Leid Stories Stories and news that affect us all

December 29, 2016  

Leid Stories listeners discuss the issues and events they believe were most significant or had the greatest impact in 2016. 

December 28, 2016  

Leid Stories listeners discuss the issues and events they believe were most significant or had the greatest impact in 2016.

December 27, 2016  

Leid Stories listeners discuss the issues and events they believe were most significant or had the greatest impact in 2016. 

December 26, 2016  

No bows, no tinsel, no fancy wrapping. Just the plain, unvarnished truth.

You’re cordially invited to our weekly celebration of information, opinions and ideas. It’s “Free Your Mind Friday” on Leid Stories, and joy in our world is having our say about things that matter.

Call in (888-874-4888) and join the festivities!

December 22, 2016  

Mayor Mitch Landrieu of New Orleans proudly announced Monday that the city had closed a “dark” chapter in its history that was written more than a decade ago. The city has worked out settlements, totaling $13.3 million, in three especially egregious police killings as well as with plaintiffs in other serious cases involving police brutality and lethal use of force. Most of the cases occurred during the time of Hurricane Katrina, in 2005.

With some family members at his side, Landrieu assured the public that the settlements were a sign of governmental transparency, accountability and a resolve to turn the city’s notoriously brutal and corrupt police department around. But the mayor’s news conference gave several clues about the price New Orleanians should expect to pay, says Leid Stories.

Listeners decipher the hidden messages in Landrieu’s message.

December 21, 2016  

On the heels of a stunning defeat in the 2016 presidential election by Donald J. Trump, Hillary Clinton finds herself gearing up again for a major legal battle she can ill-afford to lose. Many Republicans in Congress are pushing to revive an investigation into Clinton’s use of a private email server and her handling of classified information while she was secretary of state. Clinton also is at the center of an expansive probe of the Bill, Hillary and Chelsea Clinton Foundation focusing on whether it was a slush fund operating as a global charity.

Charles Ortel, a former Wall Street banker who uncovered massive stock fraud within the financial world just prior the 2007-2008 financial meltdown, since May has been detailing highly irregular activities and practices of the Clinton foundation—which, he says, amount to “the largest unprosecuted fraud in history.”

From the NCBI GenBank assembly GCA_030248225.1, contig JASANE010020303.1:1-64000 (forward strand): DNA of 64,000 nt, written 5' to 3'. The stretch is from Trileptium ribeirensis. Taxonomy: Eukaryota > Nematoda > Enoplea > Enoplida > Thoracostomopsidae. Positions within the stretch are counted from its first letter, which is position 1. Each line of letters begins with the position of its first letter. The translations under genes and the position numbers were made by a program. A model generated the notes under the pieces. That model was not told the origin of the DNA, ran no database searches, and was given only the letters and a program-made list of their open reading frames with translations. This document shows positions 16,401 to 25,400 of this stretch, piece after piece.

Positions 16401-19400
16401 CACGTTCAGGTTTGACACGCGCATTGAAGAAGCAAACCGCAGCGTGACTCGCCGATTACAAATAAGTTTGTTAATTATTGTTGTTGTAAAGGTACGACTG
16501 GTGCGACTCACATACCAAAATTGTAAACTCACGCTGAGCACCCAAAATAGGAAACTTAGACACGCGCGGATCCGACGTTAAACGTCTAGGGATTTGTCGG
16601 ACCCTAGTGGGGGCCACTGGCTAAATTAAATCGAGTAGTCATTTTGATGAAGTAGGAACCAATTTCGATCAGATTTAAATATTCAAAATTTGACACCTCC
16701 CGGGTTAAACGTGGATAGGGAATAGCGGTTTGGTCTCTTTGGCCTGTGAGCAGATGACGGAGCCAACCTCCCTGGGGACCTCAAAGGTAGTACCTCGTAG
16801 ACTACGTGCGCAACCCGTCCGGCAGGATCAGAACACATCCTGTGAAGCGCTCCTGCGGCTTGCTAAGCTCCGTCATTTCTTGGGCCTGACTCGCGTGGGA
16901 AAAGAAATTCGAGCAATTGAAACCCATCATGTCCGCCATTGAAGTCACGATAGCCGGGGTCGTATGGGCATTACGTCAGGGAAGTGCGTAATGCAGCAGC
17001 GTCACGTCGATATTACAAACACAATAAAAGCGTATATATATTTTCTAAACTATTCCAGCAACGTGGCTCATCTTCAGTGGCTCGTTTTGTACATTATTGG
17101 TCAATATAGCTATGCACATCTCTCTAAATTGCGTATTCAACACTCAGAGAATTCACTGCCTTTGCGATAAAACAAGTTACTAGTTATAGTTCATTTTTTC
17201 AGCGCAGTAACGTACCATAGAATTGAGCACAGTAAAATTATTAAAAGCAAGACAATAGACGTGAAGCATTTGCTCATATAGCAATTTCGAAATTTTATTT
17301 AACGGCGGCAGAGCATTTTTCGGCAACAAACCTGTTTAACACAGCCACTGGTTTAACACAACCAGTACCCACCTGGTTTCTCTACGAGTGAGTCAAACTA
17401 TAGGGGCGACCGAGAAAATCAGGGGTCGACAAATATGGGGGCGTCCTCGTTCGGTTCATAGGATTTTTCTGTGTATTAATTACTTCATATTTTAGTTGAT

December 20, 2016  

It’s been a long and bumpy ride to yesterday’s Electoral College vote that officially declared the winners—billionaire businessman Donald J. Trump (president) and Gov. Michael R. Pence of Indiana (vice president)—in the 2016 presidential race. But the end of the race isn’t putting an end to intense debate and dissatisfaction about the process that won them, and previous candidates going back to 1787, victory.

The president and vice president, the highest offices in the land, are elected by the Electoral College, not directly by popular vote. The merits of the 2016 final candidates—including Democrats Hillary R. Clinton, former secretary of state (president), and running mate Tim Kaine, junior U.S. senator from Virginia)—aside, they did get 2.8 million more popular votes than the Trump-Pence ticket.

Leid Stories asks: Is it time to abolish the Electoral College and let the people decide?

December 19, 2016  

Five hundred and thirty-eight electors—100 from the U.S. Senate, 435 from the House of Representatives, and three representing the District of Columbia—will be meeting all over the country today to perform a quadrennial duty: selecting the next president and vice president of the United States. The rancor of the presidential election between main combatants Donald Trump and Hillary Clinton is expected to spill over to the Electoral College vote, with two sore points at the root—Clinton won the popular vote while Trump won the more significant electoral vote, and Clinton has charged that Russian cyberattacks and a smear campaign against her caused her loss.

Leid Stories looks at the Electoral College vote, whether anti-Trump threats to derail the vote will succeed, and whether Clinton’s claims will be borne out by federal probes currently under way.

The second half of the program focuses on the legitimacy of the claim—now being echoed by President Obama, powerful members of Congress, the media and influential organizations—that Russia fixed the election.

December 16, 2016  

It’s “Free Your Mind Friday” on Leid Stories, and you’re in the driver’s seat, taking the conversation wherever you want it to go.

Expand our minds and add new perspective on the issues of the day with the information, opinions and ideas you share in this open forum. It’s the best in peer-to-peer education!

Call in (888-874-4888) and let’s hear what you’re thinking.

December 15, 2016  

Since President Barack Obama ordered a “deep-dive” probe of Russia’s alleged role in fixing the 2016 presidential election to favor Donald Trump—Hillary Clinton’s main reason for why she lost—there have been a number of demands for similar investigations by members of Congress. It’s in the interest of protecting U.S. democracy, they say, although few feign neutrality about Trump and have openly expressed a desire to torpedo his presidency.

Leid Stories, seizing the moment, contends that the current passion about “protecting the integrity” of the domestic process at home, also should trigger a slue of investigations into U.S.-directed political and electoral “interventions” in other countries.

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